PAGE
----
Your are doing a good thing and I encourage you in this study. In my opinion, the biggest contribution the reformers made to the Body of Christ was that they began to systematize theology from a Biblical perspective. Further in my opinion, growth happens when we ask "why" and then proceed to discover the answer from the Scriptures and not just rely on what a famous theologian from the past said about it. Not to disparage those who labored under difficult situations but everyone, myself included, have their pre-suppositions that color their theology.

    If you continue to approach your personal theology with the attitude that you have already mentioned, that is to say I "tend to believe such and such" because of ( blank ) you will not find yourself in the situation many here are in and that is they have so much invested in their theological views that they cannot make major adjustments because it will result in a loss they cannot bear. Be solid on the fundamentals and a student of the extras.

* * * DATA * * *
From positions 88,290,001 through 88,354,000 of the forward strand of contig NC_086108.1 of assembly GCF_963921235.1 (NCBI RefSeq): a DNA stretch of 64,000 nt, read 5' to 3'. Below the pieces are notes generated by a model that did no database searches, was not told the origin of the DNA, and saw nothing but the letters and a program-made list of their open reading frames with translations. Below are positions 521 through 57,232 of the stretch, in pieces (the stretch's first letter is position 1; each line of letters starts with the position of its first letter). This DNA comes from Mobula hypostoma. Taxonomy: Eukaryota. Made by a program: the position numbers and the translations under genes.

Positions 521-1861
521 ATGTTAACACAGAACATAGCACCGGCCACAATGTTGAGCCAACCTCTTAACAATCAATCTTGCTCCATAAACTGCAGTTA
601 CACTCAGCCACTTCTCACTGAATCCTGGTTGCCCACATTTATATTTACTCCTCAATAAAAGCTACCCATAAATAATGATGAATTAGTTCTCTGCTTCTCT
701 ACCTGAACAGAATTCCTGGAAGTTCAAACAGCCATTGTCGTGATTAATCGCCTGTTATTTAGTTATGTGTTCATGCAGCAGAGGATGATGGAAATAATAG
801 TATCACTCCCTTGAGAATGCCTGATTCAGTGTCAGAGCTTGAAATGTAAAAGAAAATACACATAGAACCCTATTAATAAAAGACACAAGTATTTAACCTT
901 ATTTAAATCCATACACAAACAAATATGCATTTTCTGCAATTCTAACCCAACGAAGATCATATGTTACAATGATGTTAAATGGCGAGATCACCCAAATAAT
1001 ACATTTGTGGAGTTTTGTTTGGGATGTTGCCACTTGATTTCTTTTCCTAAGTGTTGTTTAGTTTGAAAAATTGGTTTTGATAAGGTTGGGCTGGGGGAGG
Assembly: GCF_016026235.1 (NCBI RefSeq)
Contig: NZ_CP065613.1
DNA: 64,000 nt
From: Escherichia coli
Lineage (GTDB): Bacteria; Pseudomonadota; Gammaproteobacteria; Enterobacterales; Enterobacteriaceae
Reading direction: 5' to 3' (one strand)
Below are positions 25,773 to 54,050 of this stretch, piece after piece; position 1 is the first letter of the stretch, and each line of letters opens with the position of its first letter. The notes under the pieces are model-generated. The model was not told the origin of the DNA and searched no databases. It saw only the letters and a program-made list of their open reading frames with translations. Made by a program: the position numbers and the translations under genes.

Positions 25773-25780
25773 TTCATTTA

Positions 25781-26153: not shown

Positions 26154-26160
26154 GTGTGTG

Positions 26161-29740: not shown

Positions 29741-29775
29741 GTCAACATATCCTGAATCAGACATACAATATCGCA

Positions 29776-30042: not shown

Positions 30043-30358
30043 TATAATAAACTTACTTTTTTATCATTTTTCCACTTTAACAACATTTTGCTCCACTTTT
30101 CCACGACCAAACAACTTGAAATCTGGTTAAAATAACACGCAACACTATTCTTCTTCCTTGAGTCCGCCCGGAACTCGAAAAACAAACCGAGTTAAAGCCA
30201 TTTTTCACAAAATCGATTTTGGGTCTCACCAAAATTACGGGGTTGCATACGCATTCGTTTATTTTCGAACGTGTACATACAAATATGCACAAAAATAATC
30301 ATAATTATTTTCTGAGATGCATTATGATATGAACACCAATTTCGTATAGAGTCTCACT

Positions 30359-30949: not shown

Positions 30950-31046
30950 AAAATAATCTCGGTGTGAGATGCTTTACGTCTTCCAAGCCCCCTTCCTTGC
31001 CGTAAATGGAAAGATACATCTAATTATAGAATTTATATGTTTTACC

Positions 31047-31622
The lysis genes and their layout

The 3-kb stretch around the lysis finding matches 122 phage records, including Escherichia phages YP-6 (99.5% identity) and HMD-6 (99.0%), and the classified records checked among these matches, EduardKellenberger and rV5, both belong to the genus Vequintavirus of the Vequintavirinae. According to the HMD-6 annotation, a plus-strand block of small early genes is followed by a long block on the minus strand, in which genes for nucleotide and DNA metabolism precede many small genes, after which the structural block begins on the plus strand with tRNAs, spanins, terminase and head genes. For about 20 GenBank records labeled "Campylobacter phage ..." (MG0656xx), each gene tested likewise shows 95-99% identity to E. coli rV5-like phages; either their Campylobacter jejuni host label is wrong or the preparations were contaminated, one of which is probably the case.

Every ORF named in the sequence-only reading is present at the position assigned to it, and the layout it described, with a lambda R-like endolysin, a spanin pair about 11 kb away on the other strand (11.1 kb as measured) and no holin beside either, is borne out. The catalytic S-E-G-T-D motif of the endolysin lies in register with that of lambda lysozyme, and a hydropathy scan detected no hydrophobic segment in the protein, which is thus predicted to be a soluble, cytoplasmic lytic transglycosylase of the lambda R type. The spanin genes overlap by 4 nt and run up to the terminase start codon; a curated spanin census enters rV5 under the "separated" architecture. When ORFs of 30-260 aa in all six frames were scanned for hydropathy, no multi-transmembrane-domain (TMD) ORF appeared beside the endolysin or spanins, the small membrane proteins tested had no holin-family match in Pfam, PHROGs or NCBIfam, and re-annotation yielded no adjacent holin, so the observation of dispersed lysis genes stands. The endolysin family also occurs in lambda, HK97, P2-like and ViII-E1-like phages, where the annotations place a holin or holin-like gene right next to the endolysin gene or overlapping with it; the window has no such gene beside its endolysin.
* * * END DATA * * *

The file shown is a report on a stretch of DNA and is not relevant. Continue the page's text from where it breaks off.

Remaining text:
13. Skandelon

    Skandelon
    Expand Collapse
    <b>Moderator</b>
    Moderator

    Joined:
    Jan 19, 2003
    Messages:
    9,638
    Likes Received:
    0
    :thumbsup: Very good advice.
     
  14. Yeshua1

    Yeshua1
    Expand Collapse
    Well-Known Member

    Joined:
    Mar 19, 2012
    Messages:
    17,080
    Likes Received:
    49
    that is very good advice, as sometimes biggest problem area is that one gets "married' to his/her particular theological system, such as reformed/pentacostal/Dispy etc that we view the Bible thru those systems!

    need to view oyr systems against the bible, and change beliefs IF there is a difference between what bible states and my system says!
     

Share This Page

Loading...